Entering Voltaire: on-chain poll for SPOs

Welcome! I wanted to clean it up more, but it was late, and I was tired :stuck_out_tongue: Eventually this all gets integrated into some nice GUI for everyone; fun to be here before that point and watch it all evolve.


The number of votes disappointed me. I expected a lot more.

Well, on PrepProd there are only around 80 block producing pools. And we had to refine and clarify the ballot cast procedure. For now we have 19 ballots casted.

One goal for this governance experiment is exactly to get some idea about what participation ratio we can expect in the future.


In the first second, I thought the same, but then I realized that PrePod is a different world.

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I was also interested in participating but didn’t see how I currently could… without a reliable local Internet connection to create a PreProd testnet pool on a local machine, we would have had to dedicate cloud resources from a limited budget which is now fully allocated to the mainnet pool.

Maybe with trial offers from cloud services it could have been done: but if so, then with only a small number of opportunities to repeat the test. But we would be in the minority of motivated SPOs working from areas with no reliable local Internet access and I’m not suggesting that the testing be done any differently. :face_with_monocle:

I ran VMWare workstation on my home dev box, gave it 4 cores, 256GB SSD (only needed about ~2.6GB for entire PreProd database), and 12GB of RAM. Installed Arch Linux from ISO on the VM, installed the usual base development stuff (gcc/make/autoconf/etc) then ghcup.sh for the cabal/ghc specific tools/config. Cloned the cardano-node repo from github and ran the scripts from the poll repo to get from there to here. We have dedicated servers for mainnet, but you can do PreProd with way less resources for sure.

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I expected exactly a reply like this from somebody: saying nothing about our primary limiting factor of no reliable Internet. By “not reliable” I don’t just mean slow, jittery & long latency… I mean TCP/IP has no end-to-end reliability (4G cannot provide any such guarantees). It’s incredible how in the modern world people think, with so much evidence to the contrary, that high-speed robust Internet is available everywhere.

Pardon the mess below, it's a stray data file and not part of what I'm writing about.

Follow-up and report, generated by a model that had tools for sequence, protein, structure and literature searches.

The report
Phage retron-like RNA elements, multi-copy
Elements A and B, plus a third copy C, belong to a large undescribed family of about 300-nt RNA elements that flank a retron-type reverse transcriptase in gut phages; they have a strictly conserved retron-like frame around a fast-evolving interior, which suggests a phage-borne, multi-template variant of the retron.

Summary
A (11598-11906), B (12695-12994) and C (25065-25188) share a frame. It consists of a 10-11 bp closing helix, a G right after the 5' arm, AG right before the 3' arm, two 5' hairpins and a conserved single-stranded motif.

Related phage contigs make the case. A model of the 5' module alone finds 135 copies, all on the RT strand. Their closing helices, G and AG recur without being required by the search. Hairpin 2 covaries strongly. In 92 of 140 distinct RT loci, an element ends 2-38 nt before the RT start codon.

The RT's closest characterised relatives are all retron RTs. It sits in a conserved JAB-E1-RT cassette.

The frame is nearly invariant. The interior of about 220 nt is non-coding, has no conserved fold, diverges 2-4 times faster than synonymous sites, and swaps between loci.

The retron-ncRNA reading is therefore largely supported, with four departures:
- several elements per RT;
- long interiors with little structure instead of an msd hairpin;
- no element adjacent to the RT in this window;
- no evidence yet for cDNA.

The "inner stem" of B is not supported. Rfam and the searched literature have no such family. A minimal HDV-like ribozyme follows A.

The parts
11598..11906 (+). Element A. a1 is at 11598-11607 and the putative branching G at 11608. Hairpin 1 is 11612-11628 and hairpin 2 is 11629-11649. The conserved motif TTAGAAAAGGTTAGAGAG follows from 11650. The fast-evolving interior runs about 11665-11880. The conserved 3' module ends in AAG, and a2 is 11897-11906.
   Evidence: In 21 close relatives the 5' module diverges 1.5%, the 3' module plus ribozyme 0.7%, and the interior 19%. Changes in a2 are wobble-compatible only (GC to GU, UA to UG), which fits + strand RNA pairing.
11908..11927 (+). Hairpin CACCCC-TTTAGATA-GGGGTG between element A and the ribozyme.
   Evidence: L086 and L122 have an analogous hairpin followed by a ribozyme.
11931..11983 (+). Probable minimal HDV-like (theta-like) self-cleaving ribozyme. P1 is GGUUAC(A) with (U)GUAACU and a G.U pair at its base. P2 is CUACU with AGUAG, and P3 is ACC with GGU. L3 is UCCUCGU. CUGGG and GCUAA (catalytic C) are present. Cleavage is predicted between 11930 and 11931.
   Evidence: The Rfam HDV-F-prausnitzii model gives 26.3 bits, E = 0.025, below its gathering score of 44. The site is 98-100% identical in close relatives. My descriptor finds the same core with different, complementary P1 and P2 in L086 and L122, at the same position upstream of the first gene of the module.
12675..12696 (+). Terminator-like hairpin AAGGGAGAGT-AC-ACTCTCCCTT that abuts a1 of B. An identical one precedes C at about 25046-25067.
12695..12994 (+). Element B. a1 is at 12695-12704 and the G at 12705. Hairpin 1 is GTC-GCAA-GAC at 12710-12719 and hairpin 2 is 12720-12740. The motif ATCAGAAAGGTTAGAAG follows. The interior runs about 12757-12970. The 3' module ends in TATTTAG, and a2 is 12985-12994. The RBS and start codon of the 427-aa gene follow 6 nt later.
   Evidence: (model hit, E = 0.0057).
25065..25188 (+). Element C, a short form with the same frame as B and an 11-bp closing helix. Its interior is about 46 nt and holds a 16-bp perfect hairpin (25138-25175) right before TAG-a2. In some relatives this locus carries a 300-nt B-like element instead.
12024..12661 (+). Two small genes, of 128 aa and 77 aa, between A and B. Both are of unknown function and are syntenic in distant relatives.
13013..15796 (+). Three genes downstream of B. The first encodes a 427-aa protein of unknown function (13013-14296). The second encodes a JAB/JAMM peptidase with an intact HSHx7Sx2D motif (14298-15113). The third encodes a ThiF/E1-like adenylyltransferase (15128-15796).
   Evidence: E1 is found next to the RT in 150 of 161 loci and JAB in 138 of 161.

This test run is fine in my opinion, but my point was that people can’t freely participate unless they have high quality Internet in the home, or have a standard budget for cloud services… not that people don’t know how to provision a VM environment.

Oracle gives out ARM servers 100% free with 24gb RAM or so, I know people are using it to run production pools, not sure if it is advisable, but in your case you definitely can try to run pre-prod pool there.


My fault, I did miss that internet access was the limiting factor, and went on about my own config. os11k had a great suggestion, the specs are amazing for being a Free Tier:

Arm-based Ampere A1 cores and 24 GB of memory usable as 1 VM or up to 4 VMs with 3,000 OCPU hours and 18,000 GB hours per month

2 Block Volumes Storage, 200 GB total


It fosters democracy.

No it does not.

A proof of stake chain may foster decentralization but it does not foster democracy. This remains a plutocratic vote with participation limited by other factors. Please stop misusing the term “democracy”.

The proposed mainnet poll has been detailed by Cardano Foundation.

Proposed poll text:

Which setup would you prefer to be put in place from Q3 2023 onwards?

  1. Keep k at 500 and minPoolCost at 340 ada.
  2. Keep k at 500 and halve minPoolCost to 170 ada.
  3. Increase k to 1000 and keep minPoolCost at 340 ada.
  4. Increase k to 1000 and halve minPoolCost to 170 ada.
  5. I would prefer to abstain.
  6. None of the above.

So what should I pick when I don’t think any of these options is ideal?


What is the point in changing K when this will have almost no effect on the real minimum attack value (MAV) (currently around 23)? In particular we are kidding ourselves if we think that the K value has any direct correlation with the minimum attack value. (Minimum attack value (or vector) is analogous to the Nakamoto coefficient which measures decentralization and represents the minimum number of actors required to disrupt the blockchain’s network.)

But, maybe there is an advantage in voting for an increase in K? My thinking here goes something like this: Increasing K will force multii-pool operators to split their pools and in turn cause delegators to re-think their delegation strategies. The mult-pool operators will have some difficulty managing this situation and hopefully they will lose some delegation, which will be beneficial for small pool operators.

So, in other words, I think I should vote for an increase in K, but not for increased decentralisation reasons, but rather to create disruption for multi-pool operators in the hope that they will bleed stake to small pool operators. Which I guess, in turn, you could argue might improve decentralisation, slightly.


I personally believe minPoolCost should be drastically reduced to something around 30 Ada. A reduction to 170 is at least a step in the right direction and it is the only reduction option I have. So I guess I should vote for 170.

I don’t want to Abstain or vote “none of the above” as these seem like wasted votes.


So, in conclusion, I should vote for option 4: “Increase k to 1000 and halve minPoolCost to 170 ada”, even though my reasons are based on game theory rather than what I actually think is ideal.